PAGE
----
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Internet of Things


Setting the IoT security standard By Joe Lomako, business development manager of IoT at TÜV SÜD I


ndustry 4.0 (I4.0) systems include various components or sensors and are often referred to as Internet of Things (IoT) devices. These connect industrial systems and are the interface to the outside world – continuously collecting data. As devices, systems and processes become increasingly digitised and interconnected, a wealth of positive opportunities are created. However, these same technologies may also present weaknesses, as cybercriminals seek out opportunities to hack into critical infrastructure.


According to a report from Kaspersky Lab earlier this year, half of all industrial control system networks have faced some form of cyber-attack. Some connected devices lack the appropriate cyber robustness to prevent attacks and this, coupled with the fact that some control systems could be using outdated or bespoke operating systems or software, increases cyberattack vulnerability.


www.cieonline.co.uk


The introduction of the NIS Directive (security of network & information systems) in Europe is intended to improve this situation. However, uptake within businesses is slow, as is the introduction of the standards required to assist in improving cyber security. However, baseline protection standards do exist or are being developed by international organisations, which would help to deliver basic security provisions for a first line in cyber defence. Two important documents relating IoT device security are NISTIR 8259 (US) and Draft EN 303 645 (EU). EN 303 645 covers only consumer products, whereas the scope of the NISTIR document addresses a wider range of IoT type products. So, it follows that it can apply to I4.0 industrial products. More importantly, cybersecurity of IoT devices have been mandated in California and Oregon, and the NISTIR 8259 document and its general principles can be applied to help demonstrate a baseline of cyber security protection for an IoT product. There are several other groups of published standards that are aimed at improving security from network infrastructure to devices. For example, it is possible that an industrial IoT device could be certified under the IEC 62443 series of standards, which aims to mitigate risk for industrial communication networks by providing a structured approach to


cybersecurity. This would probably be more familiar to operators and integrators of control and automation systems. While this standard series has a mix of process and technical requirements, it covers what we would typically call a “product”. In addition to this, process requirements can be found in IEC 62443-4-1, and technical requirements in IEC 62443-4-2. Although the standards do not cover everything, they do at least offer confidence in that first line of defence. However, manufacturers should consider their own cybersecurity programmes, which offer a more robust demonstration of security. This could include more stringent, bespoke testing or “pen testing”, which will identify deeper and more serious threats to a device and the IoT system within which it sits. It is also vital to think “secure by design” and take a proactive approach to cybersecurity - recognising that attacks are “when not if“ and that security should be a priority in designing a product.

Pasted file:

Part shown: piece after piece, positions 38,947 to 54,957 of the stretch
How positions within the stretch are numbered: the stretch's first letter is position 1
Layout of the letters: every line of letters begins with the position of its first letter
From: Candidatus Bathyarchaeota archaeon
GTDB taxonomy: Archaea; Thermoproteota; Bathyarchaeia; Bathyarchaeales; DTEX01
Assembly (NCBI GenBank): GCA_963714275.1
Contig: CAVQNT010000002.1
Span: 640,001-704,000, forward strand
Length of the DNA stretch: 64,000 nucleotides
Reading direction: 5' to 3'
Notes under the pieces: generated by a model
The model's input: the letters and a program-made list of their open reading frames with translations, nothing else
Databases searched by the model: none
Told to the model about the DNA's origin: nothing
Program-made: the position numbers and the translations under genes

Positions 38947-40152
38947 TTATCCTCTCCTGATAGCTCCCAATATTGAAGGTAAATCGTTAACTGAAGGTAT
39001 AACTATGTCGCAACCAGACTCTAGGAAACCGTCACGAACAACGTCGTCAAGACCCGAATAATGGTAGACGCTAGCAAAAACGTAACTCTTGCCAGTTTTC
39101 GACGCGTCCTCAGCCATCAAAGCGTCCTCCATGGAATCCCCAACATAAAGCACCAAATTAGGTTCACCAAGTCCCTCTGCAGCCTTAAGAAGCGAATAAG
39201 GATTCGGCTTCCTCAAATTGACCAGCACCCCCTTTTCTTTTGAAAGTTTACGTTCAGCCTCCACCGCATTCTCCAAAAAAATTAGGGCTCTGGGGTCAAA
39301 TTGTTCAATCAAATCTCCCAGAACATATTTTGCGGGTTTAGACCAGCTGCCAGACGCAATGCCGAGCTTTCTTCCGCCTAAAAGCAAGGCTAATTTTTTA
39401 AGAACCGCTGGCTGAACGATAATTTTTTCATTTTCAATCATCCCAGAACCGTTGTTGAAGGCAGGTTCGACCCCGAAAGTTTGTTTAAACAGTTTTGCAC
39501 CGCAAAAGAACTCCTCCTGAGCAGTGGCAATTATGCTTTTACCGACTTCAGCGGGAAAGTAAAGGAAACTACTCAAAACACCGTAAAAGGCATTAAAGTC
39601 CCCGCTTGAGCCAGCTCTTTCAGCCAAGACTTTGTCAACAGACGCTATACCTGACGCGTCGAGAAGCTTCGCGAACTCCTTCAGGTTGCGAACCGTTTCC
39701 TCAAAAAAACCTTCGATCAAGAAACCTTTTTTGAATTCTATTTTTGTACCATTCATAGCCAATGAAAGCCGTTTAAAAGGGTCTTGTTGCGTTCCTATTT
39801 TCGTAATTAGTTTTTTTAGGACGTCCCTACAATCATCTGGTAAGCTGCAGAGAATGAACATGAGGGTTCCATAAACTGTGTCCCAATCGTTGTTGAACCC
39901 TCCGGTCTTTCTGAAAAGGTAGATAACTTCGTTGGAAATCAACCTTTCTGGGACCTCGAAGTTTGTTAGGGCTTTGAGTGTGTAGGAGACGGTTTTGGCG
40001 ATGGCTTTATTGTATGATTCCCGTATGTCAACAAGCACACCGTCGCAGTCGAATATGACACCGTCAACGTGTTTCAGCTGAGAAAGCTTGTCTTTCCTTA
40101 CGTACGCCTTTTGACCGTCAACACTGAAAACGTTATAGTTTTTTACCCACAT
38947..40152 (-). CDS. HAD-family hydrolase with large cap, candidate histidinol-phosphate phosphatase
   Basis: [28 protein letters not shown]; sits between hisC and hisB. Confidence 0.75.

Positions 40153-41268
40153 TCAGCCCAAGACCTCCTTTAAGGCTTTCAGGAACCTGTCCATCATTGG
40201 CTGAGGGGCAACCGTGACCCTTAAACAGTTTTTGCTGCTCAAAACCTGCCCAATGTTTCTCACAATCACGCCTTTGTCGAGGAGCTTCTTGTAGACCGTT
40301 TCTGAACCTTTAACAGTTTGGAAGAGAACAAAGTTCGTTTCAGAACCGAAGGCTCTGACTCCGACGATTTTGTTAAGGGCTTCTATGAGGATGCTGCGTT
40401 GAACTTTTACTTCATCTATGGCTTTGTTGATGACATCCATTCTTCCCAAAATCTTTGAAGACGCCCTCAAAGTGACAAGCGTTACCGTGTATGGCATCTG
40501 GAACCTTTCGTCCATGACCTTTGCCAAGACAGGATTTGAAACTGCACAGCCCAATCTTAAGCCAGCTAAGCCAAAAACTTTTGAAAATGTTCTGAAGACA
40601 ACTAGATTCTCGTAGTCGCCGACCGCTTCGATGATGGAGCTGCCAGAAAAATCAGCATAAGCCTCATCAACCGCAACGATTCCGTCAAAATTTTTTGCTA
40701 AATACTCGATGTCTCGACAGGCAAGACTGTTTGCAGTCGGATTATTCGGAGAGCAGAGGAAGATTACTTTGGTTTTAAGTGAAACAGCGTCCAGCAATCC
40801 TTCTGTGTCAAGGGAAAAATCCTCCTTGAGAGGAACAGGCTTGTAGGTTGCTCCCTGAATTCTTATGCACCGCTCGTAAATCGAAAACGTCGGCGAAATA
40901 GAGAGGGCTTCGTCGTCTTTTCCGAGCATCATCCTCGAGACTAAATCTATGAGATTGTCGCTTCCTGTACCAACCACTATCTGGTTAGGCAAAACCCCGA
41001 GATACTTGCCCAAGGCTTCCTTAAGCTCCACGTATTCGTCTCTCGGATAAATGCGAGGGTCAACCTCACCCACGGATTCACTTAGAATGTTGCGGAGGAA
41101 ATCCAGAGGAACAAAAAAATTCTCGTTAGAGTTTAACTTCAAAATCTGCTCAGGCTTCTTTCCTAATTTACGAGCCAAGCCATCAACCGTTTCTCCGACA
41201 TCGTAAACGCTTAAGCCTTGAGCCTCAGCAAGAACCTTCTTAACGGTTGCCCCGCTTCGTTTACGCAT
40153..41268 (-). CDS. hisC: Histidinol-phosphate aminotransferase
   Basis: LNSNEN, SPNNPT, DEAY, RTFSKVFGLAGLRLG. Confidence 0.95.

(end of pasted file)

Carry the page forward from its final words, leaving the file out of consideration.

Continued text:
What‘s more, threat resilience is an iterative task. Not all threats may have been discovered on the first assessment, or may even exist yet. Ongoing investment in cyber security is crucial to keep up with technological development, as cybercriminals rapidly develop new forms of attack. It’s therefore also very important to ensure up to date compliance with all standards and constantly review your ‘cyber resistance’ status. We often hear of devices being hacked and hijacked within minutes of connection to the internet


Sadly, there currently needs to be more traction in device and component cyber assessment and it would be prudent for any integrator or end-user to ask their supplier what level of cyber assessment has been performed and to prove its cyberattack resilience. A report from Make UK revealed that 60 per cent of its members have been subject to a cyber security incident, almost a third of whom suffered some financial loss or disruption to business as a result. 41 per cent of manufacturers went on to report that they have been asked by customers to demonstrate or guarantee the robustness of their cyber security processes. There is some debate within industry that the present cyber security standards are lacking in detail and do not adequately cover the scope of typical industrial applications. While this may be true, they are at least a good fi rst start where nothing previously existed. Tackling the problems of cyber security risks can only really be realised by comprehensive planning, periodic evaluation, updates and monitoring. This must be done continuously, from design through to obsolescence.


While digitisation and the increasing connectivity provided by the IoT bring enormous opportunities, unforeseeable risks and serious vulnerabilities can be exploited by new forms of cybercrime. Both industrial IT security and the security of wireless products that manufacturers produce is therefore becoming increasingly important. tuvsud.com


Components in Electronics October 2020 21


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